It is a sudden announcement but not a sudden decision. I know that I haven't done all that I planned to at the start. There's no getting away from the fact that I'm quitting before getting to Maine. Most folks say Maine is the prettiest part of the trip. I'll agree with that since I've seen Maine from the land and it's lonely but lovely. However, scenery and solitude weren't ever reasons for doing this trip. The real reason for doing this trip was not to see the beautiful US east coast, or even to learn to sail. It was to overcome a huge lifelong fear of the sea. I'm over that now - well, at least 85% of that irrational fear is gone and so I'm satisfied that my reasons are right.
I realise that every sailor needs to keep a healthy respect for the sea (a respect or caution that is the fulcrum of a balance between fear on one hand and technical competence plus confidence in equipment on the other hand). Before this trip, I had much more fear than that. I've always had faith in Ian Proctor's boat and Frank Dye's gear (fully justified, of course) and finally I've acquired some competence. The sail up Barnegat Bay on Wednesday was proof of that. I put on my wet weather gear, whacked everything up the mast, cinched it in tight, hiked out and just flew along - gusts, whitecaps, wakes - it was all just bloody good fun. A fantastic way to finish sailing - on a fast run all stacked out.
And I have had enough adventures to fill a good book - and that's what will happen next. Right now I'm busy seeing a little of NY City and enjoying my first night in a bed for ages. Feels strange! NY is brilliant though, and I'm so thrilled I got this far. I wish I could have sailed up under Verrazano Narrows Bridge and then up the East River to the South St. seaport docks, but you can't fight the weather in a boat this small. I'm satisfied that with 2200 miles done, that the last 30 miles are a 'gimmee' as golfers say.
I've talked to Anastasia Hopkinson (remember her from Annapolis?) and she's keen to buy my boat so we've agreed that she'll come up on Sunday to collect it. I'll catch a ride with her back to Annapolis and do a little sailing with her on her new boat (Wanderer). It'll be awfully hard to part with my beautiful wee yacht but Anastasia will be a good skipper and she'll get the right kind of sailing with her. I plan to go sailing with her on Tuesday or Wednesday - maybe I can race against her own Wayfarer.
I'll start the journey home to NZ from Baltimore on Thursday and will arrive in NZ on Saturday (Friday US time). I have some very important business to take care of there. See my Mum, see my gal, write a book, get a job, etc. That'll keep me busy. There'll be only one more Hughes Nughes to come from Annapolis. But there should be a book out in due course. I'll keep you posted on that.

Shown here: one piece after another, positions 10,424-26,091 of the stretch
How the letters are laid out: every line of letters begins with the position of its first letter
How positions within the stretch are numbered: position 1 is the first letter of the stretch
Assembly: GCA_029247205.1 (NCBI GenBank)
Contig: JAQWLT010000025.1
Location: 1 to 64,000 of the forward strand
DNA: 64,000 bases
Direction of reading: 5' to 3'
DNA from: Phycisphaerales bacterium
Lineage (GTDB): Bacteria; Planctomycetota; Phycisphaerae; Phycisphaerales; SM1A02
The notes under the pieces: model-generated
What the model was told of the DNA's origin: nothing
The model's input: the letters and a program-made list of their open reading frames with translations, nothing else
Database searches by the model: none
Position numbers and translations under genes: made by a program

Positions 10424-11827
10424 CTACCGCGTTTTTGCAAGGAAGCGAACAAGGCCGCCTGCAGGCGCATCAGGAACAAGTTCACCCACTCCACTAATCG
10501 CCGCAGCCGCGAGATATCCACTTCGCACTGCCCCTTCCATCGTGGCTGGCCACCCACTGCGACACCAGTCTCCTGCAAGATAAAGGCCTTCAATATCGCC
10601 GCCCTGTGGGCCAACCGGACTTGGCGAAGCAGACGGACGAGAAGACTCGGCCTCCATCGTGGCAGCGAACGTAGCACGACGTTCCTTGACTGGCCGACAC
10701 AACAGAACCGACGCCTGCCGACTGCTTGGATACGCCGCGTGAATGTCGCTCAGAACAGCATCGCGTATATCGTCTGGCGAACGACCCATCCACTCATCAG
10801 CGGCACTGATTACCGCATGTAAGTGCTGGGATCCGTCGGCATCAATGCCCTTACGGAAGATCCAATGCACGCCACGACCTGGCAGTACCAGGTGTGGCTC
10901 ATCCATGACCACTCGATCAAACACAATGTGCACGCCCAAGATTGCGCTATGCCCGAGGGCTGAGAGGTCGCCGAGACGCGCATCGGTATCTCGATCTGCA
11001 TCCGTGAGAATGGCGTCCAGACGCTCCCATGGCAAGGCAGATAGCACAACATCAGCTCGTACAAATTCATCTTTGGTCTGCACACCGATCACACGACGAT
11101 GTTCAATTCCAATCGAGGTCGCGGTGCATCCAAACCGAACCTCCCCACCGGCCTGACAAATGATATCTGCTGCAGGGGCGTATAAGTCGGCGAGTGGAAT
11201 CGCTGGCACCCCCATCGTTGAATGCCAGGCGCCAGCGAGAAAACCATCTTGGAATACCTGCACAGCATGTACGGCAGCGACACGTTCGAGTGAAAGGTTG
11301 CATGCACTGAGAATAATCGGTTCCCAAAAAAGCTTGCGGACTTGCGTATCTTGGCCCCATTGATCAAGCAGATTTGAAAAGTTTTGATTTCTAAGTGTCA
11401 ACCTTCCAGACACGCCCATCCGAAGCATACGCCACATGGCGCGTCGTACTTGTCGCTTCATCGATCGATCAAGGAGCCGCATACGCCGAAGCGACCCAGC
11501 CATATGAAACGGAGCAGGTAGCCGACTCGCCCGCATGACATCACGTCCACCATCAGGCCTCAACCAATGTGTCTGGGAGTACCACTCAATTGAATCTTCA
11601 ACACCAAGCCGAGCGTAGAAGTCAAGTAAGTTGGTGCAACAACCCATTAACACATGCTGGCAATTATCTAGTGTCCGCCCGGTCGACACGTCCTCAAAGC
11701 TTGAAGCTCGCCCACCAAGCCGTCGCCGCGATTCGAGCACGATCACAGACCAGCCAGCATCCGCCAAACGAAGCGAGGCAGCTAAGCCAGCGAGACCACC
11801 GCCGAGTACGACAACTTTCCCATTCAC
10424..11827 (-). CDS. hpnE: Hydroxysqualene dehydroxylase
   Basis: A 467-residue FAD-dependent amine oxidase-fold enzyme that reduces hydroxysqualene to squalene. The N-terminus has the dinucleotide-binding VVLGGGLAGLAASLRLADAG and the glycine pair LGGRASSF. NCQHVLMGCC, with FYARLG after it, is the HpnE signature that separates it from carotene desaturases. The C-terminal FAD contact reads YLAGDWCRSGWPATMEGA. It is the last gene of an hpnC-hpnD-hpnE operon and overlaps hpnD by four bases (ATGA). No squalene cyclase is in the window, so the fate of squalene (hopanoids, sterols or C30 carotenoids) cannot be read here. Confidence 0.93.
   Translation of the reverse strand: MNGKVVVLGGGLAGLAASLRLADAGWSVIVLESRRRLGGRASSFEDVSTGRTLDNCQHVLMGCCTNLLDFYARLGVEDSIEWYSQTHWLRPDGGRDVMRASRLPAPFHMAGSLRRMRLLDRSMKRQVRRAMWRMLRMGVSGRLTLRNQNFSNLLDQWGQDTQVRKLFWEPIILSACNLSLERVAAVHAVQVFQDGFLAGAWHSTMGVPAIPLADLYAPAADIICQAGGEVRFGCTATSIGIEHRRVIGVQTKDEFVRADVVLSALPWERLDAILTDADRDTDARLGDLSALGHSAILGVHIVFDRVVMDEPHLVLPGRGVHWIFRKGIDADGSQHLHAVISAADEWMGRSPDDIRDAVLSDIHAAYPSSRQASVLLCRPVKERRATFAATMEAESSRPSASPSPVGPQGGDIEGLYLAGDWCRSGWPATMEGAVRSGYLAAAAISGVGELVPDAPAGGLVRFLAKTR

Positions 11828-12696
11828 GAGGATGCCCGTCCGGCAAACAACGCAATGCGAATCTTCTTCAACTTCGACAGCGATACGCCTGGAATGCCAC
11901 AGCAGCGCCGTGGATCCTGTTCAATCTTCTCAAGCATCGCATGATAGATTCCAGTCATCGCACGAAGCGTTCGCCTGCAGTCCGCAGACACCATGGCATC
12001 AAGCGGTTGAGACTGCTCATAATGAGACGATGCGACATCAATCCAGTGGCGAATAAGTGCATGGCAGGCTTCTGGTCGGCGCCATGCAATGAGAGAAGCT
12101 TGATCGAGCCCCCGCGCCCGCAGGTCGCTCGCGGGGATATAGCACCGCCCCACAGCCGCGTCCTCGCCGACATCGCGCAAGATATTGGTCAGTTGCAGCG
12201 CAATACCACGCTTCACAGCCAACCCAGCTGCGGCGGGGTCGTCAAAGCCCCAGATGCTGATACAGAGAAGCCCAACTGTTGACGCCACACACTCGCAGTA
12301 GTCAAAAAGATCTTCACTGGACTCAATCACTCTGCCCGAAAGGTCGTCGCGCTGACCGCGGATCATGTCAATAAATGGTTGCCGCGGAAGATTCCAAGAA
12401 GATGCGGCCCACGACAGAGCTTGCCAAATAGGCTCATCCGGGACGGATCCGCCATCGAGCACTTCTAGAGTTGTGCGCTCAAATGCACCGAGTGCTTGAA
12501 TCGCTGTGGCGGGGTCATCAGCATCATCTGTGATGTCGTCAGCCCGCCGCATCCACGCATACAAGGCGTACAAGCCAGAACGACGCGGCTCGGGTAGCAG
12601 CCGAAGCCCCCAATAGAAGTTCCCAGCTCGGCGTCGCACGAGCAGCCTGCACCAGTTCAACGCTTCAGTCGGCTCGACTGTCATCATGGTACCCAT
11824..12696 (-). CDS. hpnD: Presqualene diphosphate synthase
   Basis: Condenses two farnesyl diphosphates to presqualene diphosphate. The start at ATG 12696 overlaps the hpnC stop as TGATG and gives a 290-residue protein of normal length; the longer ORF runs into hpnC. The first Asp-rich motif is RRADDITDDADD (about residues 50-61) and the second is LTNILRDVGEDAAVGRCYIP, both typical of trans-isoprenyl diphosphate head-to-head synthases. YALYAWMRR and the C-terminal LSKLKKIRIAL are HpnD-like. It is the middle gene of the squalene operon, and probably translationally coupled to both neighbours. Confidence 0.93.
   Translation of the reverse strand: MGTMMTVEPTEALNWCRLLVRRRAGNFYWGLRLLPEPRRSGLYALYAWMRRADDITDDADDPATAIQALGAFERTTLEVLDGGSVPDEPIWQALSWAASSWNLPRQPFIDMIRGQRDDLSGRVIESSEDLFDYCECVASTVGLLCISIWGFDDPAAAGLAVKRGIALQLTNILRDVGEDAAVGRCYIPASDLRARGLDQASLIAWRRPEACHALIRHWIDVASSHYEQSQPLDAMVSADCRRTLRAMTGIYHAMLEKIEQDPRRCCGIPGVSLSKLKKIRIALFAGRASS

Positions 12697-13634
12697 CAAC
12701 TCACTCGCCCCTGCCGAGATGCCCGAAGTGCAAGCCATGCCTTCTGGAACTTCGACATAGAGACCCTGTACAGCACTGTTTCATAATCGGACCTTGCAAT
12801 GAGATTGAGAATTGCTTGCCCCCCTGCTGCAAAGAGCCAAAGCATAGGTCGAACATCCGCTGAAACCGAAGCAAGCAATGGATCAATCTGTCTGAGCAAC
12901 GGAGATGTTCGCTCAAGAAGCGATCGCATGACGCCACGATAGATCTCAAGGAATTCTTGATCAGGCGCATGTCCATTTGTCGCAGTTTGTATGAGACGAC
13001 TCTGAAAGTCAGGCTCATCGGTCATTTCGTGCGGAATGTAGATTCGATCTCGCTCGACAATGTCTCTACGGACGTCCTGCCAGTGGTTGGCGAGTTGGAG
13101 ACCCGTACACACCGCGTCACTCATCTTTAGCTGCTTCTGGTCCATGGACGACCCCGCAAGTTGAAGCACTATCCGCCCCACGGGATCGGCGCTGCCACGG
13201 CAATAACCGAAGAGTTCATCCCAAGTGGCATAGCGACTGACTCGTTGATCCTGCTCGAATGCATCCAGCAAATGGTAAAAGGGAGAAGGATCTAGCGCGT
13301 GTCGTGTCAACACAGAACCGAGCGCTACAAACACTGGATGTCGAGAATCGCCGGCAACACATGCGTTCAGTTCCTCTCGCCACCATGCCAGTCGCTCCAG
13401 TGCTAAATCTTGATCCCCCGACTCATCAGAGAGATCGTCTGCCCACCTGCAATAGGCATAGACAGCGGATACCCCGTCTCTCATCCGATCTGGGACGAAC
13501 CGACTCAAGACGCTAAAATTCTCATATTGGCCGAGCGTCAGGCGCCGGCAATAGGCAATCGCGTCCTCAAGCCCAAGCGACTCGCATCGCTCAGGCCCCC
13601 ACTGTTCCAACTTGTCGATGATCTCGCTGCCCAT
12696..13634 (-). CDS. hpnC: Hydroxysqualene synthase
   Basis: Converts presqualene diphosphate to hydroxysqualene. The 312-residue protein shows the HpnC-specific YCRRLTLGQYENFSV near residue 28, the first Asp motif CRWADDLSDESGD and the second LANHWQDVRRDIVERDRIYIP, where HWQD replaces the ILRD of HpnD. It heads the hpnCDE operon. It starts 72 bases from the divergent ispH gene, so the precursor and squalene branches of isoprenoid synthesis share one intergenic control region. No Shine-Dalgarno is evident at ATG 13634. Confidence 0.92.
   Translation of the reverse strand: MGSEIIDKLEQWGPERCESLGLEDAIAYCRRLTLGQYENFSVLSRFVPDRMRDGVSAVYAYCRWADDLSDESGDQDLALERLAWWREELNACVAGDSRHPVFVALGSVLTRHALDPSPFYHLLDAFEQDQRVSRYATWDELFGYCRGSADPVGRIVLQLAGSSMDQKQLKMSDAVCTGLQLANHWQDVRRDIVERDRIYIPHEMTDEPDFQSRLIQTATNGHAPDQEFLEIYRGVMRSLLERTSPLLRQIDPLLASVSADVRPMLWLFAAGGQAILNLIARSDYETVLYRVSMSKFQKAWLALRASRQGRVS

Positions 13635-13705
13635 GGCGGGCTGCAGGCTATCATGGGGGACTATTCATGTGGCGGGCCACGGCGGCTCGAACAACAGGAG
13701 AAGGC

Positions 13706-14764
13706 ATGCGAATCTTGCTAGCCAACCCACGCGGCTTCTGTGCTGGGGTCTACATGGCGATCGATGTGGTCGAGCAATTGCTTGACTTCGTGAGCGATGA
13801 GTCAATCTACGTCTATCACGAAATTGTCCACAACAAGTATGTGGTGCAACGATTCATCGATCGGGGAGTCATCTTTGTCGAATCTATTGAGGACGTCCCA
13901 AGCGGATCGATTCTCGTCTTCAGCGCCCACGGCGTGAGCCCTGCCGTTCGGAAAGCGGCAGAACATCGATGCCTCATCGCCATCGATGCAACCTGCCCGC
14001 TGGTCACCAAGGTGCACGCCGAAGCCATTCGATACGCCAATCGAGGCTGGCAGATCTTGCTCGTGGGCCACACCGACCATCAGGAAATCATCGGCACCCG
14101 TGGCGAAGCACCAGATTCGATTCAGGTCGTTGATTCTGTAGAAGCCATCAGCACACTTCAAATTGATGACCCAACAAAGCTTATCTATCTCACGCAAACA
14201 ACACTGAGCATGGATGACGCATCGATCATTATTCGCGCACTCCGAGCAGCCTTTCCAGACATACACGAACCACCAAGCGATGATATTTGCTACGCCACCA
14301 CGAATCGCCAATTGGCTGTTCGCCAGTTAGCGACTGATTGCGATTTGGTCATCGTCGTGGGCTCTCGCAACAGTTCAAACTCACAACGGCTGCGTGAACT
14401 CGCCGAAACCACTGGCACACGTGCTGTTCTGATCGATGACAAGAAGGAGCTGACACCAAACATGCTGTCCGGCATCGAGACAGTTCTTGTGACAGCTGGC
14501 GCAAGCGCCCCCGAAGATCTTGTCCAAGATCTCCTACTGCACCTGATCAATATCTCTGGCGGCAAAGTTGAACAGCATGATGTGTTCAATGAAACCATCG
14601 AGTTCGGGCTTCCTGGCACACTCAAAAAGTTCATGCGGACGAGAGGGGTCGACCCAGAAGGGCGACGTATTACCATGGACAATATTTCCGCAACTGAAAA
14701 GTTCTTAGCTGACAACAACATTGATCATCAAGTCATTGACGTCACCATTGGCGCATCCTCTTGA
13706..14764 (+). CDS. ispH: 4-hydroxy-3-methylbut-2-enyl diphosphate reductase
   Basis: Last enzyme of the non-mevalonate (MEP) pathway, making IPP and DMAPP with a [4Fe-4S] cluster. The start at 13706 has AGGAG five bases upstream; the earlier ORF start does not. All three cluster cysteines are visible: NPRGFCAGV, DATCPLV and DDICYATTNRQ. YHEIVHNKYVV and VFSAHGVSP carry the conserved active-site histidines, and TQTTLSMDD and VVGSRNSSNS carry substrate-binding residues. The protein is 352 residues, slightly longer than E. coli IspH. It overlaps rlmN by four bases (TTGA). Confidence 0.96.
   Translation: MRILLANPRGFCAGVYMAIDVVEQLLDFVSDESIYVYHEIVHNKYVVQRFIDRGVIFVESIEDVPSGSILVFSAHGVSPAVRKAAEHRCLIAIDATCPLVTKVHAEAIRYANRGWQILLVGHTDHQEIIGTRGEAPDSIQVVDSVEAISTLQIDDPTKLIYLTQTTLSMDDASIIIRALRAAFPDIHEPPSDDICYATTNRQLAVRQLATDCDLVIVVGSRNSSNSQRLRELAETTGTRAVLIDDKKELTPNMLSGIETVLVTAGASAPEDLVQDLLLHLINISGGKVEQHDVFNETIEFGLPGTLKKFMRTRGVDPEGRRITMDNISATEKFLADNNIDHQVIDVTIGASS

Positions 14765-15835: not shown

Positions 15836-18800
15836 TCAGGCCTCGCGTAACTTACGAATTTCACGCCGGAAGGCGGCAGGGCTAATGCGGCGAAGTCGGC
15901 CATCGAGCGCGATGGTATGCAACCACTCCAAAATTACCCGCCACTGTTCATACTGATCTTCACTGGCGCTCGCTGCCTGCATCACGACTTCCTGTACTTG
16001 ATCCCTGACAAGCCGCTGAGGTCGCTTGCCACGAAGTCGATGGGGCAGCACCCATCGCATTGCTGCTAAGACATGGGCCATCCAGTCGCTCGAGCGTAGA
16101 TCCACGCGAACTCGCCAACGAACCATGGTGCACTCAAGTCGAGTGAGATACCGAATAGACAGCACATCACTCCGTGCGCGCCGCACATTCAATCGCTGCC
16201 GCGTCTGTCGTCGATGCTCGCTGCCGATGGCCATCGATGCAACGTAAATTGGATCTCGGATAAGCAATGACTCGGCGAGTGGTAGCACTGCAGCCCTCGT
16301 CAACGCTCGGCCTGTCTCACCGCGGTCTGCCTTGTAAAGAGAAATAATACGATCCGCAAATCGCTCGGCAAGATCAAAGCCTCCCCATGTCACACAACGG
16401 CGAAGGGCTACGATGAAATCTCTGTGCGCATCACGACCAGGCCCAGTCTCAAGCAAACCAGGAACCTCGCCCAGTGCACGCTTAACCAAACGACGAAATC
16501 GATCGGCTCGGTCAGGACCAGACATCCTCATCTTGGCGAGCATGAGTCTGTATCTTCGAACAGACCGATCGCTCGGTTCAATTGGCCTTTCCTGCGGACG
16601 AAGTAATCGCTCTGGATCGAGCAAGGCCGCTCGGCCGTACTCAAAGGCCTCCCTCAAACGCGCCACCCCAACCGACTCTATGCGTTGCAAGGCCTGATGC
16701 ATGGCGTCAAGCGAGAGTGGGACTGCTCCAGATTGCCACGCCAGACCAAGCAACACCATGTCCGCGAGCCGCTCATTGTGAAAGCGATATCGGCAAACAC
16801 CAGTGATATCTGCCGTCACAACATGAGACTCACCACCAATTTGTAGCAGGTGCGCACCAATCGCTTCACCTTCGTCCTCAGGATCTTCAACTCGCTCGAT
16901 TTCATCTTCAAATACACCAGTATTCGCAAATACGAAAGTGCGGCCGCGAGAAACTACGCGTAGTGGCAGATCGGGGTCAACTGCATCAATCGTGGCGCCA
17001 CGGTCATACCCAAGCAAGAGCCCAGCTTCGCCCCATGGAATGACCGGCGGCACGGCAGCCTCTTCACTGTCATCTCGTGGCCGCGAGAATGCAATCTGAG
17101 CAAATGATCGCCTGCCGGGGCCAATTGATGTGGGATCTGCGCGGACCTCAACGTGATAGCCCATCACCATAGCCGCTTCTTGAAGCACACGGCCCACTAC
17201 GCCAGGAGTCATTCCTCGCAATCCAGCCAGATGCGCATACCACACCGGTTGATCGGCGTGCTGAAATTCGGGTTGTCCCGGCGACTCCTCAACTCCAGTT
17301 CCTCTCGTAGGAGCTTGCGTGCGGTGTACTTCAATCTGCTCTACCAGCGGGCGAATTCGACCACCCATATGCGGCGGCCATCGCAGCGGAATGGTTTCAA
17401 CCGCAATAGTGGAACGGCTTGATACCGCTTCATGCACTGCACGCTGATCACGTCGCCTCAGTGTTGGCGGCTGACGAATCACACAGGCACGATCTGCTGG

Hurroo for now,
----- Original Message -----
Sent: Saturday, May 17, 2003 10:59 AM
Subject: Thank You
Hi Uncle Al,
I will send another, final, Hughes Nughes from Annapolis early next week before I fly back to NZ on Thursday, but I just wanted to thank you for posting the bulletins for the last 5 months and also for trying to arrange for people to sail with me recently. It was nice to know that you and others were interested in the trip. It made a difference, I can assure you, to get emails like the ones I got from Olaf, Bill Schaumburg, Ton in Holland, Frank Dye, yourself, etc. etc.
I would have enjoyed sailing with other Wayfarer owners immensely, but in the end, I guess it wasn't to be. As soon as I decided to end the trip, I had second thoughts, but they changed quickly with the weather (now blowing 30 mph and about 45-50 F and gray) and the expectation of seeing my gal at home. And also with the fun of writing the book. It'll be delivered to the publishers before the end of August and should be in the bookstores for Christmas. I'll keep you posted in case anyone wants a copy. It'll have an ending you won't expect, too!
Original Message -----
Congratulations on an amazing feat! I'm astounded that you managed to live on a Wayfarer for all those days and make it as far as you did! I still remember Ralph Roberts after a week on his Wayfarer, telling me he never wanted to see the boat again!! I look forward to reading your book and will be happy to promote it on the Whiffle Web. Do keep me posted. Just finished Straight from the Horse's Ass this past weekend and really enjoyed it - which is saying something since I almost never read non-fiction.
I can imagine Adrienne will be thrilled to see you - our loss will be her gain! It's nice to hear that Anastasia will be taking over the care and nurture of Wanderer, since she seems to have the perfect attitude towards sailboats. Here's wishing you a fine flight home. I have the feeling that I will never make it to NZ (too long without a smoke!! no W regattas!!) so must ask you to have a few beers for me and Marc - as we will in your honour here, and especially on our way down to next year's Midwinters!! If you're ever in this neck of the woods, please let me know so that Marc and I can take you out for a few beers.
I don't want to close without telling you how impressed I am to hear that you were working on overcoming a fear of the sea. You hid that very well and certainly seemed relaxed and were sailing very well the time we were out off Cocoa Beach! Congratulations again on your marvellous sailing feat, and thanks for the entertaining reports!
Uncle Al (W3854)